10.11.16- 11.11.16 Mazariffe to Astorga 31.2km; Astorga to Foncebadon 27.2km: 2 long walks!
In Mazariffe, over half way now along the Camino Frances, I met a group of sympathetic French speaking women and gave some Shiatsu for suffering feet. We shared an enjoyable meal with only a little disagreement between the sexes!
In a room full of bunks, in the middle of the night, if you are sharing with 15 others, ‘Any shifting to ease your limbs, the rustle of your sleeping bag assume (sic) enormous proportions’ (p. 61), and you inevitably wake someone up in the bunk above. Or was it them who woke you? Anyway, the pilgrim’s day often ends very early with everyone in their bunks by 9pm, and starts before the daylight, so by 7am we will have had a good, long rest.
It was another bright and beautiful morning as I walked out of town on the Calle Camino. Colder today, I had my hat and gloves on with cotton trousers over my shorts for the first couple of hours. After all, it was the second week of November!
I appreciated a feat of engineering as I passed through Hospital de Órbigo, where the Orbigo Bridge has an alternative name – El Paso Honroso, the Bridge of Honour. It is apparently where a chivalric battle for love freed the Léonese knight, Suero de Quiñones in 1434.
The walking was calm through golden crop fields, and along straight, rural roads where I was stopped, most unusually, by a noisy flock of sheep blocking the path on their way to pasture.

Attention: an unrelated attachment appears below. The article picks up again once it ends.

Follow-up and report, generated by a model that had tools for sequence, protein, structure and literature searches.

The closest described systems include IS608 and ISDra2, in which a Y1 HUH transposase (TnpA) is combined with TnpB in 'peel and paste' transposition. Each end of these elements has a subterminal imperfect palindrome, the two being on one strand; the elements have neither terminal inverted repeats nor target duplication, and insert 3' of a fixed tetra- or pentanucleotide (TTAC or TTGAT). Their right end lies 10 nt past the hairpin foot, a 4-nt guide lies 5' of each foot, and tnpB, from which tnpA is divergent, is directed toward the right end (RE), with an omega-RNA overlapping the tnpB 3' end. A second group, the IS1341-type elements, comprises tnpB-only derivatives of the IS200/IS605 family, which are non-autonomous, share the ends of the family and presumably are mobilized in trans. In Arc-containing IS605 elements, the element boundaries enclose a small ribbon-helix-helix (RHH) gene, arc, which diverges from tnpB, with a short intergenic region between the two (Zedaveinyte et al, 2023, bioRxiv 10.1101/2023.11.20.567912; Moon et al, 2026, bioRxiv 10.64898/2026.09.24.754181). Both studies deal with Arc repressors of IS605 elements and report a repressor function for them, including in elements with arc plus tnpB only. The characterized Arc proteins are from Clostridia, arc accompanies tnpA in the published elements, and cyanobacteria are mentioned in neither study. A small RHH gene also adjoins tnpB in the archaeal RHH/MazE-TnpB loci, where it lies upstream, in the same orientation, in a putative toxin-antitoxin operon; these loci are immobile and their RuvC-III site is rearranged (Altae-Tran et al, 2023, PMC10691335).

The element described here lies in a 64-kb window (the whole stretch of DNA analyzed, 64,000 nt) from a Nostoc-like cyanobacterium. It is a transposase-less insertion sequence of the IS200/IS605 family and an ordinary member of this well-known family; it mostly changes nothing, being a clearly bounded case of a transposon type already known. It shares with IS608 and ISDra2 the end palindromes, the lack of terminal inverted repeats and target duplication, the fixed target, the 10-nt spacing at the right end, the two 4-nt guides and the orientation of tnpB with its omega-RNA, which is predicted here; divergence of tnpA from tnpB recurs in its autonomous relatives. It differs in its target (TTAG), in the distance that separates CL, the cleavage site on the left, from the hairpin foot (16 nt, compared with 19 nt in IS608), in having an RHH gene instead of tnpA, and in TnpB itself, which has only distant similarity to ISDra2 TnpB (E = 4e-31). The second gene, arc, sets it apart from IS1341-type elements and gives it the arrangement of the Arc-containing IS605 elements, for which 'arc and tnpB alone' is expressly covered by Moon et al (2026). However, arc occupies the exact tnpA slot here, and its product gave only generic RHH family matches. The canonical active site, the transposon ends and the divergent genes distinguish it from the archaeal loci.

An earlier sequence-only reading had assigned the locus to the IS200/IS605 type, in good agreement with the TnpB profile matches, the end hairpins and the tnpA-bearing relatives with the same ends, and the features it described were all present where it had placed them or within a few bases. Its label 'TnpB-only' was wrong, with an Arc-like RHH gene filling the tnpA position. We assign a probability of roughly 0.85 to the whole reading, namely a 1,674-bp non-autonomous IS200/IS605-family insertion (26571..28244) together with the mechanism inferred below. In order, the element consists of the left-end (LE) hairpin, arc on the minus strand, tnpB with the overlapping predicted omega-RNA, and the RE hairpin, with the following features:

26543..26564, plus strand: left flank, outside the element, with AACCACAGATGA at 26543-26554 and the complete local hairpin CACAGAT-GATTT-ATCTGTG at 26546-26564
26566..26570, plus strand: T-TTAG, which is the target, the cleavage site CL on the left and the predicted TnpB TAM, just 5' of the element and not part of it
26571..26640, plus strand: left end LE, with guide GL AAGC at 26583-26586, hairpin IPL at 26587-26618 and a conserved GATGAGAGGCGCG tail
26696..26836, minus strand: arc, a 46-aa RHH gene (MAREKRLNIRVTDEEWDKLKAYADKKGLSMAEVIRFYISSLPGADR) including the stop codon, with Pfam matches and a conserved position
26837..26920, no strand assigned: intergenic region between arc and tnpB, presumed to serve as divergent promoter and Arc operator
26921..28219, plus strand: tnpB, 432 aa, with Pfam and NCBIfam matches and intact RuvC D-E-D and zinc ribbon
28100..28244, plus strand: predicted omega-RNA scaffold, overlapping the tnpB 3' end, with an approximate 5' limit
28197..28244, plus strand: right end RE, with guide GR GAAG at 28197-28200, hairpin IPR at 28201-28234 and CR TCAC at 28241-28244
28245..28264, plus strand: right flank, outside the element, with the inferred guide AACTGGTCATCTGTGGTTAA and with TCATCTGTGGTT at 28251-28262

I found myself silent at times, companionable at others (‘For solitude can be shared, like bread and daylight.’ p. 54). It depended on the people I walked with and who passed by, the jolly Buen Camino’s (have a good walk!) reminding me that I am part of a movement of pilgrims, in the ancient medieval tradition, moving always westwards with the sun at my left shoulder.
‘ Thoreau walked (towards the West, but one always heads westward when walking properly) not to find himself, but always to be in a position to reinvent himself’. p. 102.
I spent a great deal of time, as I wended my way, thinking about my past and my habits, and debating with others about life in general. Side-by-side, as we fell into step, intimate conversations and confidences seemed to flow – something about the distances and the rhythm seemed to invite this.
The intense spiritual nature of the walk is reinforced by the many memorials, often found at the top of steep hills. People have walked to remember loved ones, to be healed, or to say goodbye to life, knowing they do not have long, so you will continually see women and men with a remembrance stone in their hand ready to add to the pile, or place mindfully at the foot of a cross.
It is not unusual for there to be an arduous climb at the end of a day, and the entry into Astorga was no exception. It find it a challenge when I am tired, but there is usually a sense of arriving ‘with victorious energy’ (p. 123), a reviving bubble of excitement in my tummy to make up for it.
‘And when evening comes, one hardly needs to think: just breathe, close your eyes and feel on your body the layers of landscape dissolving and recomposing…The colour of the sky, the flash of the leaves, the outlines of the jumbled hills.’ p. 97.